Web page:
THE CITY REBORN FROM THE ASHES OF AMERICA'S MOST DISASTROUS FOREST FIRE
Ralph Seewald Given Century Farm Award
Issue Date: September 26, 2019
The Seewald family came to America from Germany and settled in the Coleman area. Herman Seewald and his wife, Bertha started their dairy farm in the 1890s, grew all their own crops and raised six children. One of the son's, Jesse Seewald and wife, Elsie had a son, Melvin. After she died, he married Amelia and had children Lorraine and Ralph. Ralph took over the farm in 1950. He married Joyce Lesperance and they inherited the farm.
Besides farming Ralph had a milk route with Elm Dairy Cheese Factory for 12 years. Ralph and Joyce worked with their neighbor August Schroeder on each other's farm and he played a major role in their lives. Brother and sister, Edgar and Hulda Seewald's farm was directly across from Ralph's farm and they worked together.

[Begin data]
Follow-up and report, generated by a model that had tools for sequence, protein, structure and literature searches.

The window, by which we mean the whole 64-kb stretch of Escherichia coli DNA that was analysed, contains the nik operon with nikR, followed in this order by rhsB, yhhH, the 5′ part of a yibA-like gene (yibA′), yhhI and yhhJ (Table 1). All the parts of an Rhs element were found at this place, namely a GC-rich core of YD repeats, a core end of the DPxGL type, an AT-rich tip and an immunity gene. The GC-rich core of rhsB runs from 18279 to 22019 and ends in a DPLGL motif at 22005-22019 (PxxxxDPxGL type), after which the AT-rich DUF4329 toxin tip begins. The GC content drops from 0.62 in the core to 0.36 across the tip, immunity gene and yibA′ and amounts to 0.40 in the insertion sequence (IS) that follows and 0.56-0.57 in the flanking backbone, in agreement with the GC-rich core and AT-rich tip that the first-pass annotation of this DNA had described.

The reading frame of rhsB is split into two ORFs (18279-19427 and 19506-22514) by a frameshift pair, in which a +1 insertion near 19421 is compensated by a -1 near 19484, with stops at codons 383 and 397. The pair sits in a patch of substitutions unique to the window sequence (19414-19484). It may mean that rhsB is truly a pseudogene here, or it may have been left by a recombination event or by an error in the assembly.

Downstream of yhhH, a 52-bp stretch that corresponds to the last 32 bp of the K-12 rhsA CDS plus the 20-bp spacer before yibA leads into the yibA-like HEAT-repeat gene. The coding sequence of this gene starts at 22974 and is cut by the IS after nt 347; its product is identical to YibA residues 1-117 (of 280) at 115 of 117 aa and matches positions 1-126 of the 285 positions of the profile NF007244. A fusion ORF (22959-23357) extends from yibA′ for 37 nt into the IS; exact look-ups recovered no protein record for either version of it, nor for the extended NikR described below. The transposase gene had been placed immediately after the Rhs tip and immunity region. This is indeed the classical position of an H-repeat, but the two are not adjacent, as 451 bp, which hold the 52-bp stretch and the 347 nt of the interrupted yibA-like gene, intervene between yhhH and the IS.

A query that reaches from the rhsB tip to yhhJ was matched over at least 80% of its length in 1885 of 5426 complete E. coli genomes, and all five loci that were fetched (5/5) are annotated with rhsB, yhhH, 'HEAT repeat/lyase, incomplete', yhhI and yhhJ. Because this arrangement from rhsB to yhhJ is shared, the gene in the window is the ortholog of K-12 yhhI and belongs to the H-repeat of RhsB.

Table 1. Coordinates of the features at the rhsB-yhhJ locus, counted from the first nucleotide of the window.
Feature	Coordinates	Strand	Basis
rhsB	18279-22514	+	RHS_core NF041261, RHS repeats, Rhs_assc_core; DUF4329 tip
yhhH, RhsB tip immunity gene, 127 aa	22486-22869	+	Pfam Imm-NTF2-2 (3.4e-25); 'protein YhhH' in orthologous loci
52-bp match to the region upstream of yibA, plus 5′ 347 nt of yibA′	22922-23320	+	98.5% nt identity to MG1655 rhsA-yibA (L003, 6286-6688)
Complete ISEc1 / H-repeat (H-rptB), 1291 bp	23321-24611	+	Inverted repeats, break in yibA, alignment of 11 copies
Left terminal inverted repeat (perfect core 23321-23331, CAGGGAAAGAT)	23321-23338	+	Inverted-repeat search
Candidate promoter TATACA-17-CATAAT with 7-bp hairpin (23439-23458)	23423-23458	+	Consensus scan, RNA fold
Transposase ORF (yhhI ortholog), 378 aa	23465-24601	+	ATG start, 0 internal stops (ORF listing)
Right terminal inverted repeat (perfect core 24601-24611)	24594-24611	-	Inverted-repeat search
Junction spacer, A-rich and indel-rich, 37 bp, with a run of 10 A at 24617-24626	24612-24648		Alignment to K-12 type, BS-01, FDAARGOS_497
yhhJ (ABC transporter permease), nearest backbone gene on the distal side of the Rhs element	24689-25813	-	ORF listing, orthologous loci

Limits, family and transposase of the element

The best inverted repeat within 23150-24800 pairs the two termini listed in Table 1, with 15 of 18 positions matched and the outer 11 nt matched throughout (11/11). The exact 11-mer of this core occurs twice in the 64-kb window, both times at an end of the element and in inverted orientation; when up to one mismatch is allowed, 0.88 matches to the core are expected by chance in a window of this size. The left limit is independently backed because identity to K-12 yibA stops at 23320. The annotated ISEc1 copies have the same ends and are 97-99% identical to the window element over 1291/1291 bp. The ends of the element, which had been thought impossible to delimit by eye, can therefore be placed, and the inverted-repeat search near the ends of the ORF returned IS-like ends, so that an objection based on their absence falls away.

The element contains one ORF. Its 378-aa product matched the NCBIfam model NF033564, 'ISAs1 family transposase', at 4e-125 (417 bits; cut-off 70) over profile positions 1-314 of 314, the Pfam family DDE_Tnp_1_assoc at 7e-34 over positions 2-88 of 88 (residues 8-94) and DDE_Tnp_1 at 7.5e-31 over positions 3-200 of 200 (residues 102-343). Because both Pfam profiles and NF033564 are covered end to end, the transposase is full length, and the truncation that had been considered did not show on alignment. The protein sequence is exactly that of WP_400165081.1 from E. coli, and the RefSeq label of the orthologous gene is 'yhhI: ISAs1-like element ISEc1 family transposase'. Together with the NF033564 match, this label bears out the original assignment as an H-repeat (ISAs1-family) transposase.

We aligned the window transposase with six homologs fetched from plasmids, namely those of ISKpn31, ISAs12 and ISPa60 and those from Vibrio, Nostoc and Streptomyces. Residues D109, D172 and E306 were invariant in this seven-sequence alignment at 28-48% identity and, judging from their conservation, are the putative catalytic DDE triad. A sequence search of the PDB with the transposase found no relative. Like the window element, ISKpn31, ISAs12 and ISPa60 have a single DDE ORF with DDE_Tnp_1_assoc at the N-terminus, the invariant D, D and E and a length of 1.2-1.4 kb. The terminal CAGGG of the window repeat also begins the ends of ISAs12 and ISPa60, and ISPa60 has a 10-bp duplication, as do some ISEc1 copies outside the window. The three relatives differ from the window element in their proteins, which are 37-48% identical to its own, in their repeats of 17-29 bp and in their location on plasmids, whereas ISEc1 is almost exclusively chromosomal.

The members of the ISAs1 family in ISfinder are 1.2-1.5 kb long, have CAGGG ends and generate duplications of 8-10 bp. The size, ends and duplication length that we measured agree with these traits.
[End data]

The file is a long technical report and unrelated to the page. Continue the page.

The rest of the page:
The first tractor on the farm was a VAC Case driven home from a dealership in Peshtigo. Ralph also worked at Chadwick's Furniture Manufacturing Co. in Coleman and at Oconto Woodworking. Joyce worked at the Coleman Canning Factory and Bond Pickle Company in Oconto.
In the beginning of their marriage, she traveled back and forth to Mirro Manufacturing in Two Rivers until starting their family. Joyce had several vegetable gardens and sold produce from them. She also sold fresh eggs from the over 100 chickens they raised which were free range birds.
For years, the family put up numerous quarts of canned goods. She also was a great baker of bread that everyone would fight over the crust for. She would make five loaves of bread at a time and then leave one in longer just for her husband, so he would have more crust. Unfortunately, Joyce died two weeks before they were to receive their Century Farm Award. They have 14 grandchildren and 12 great-grandchildren along with their six children.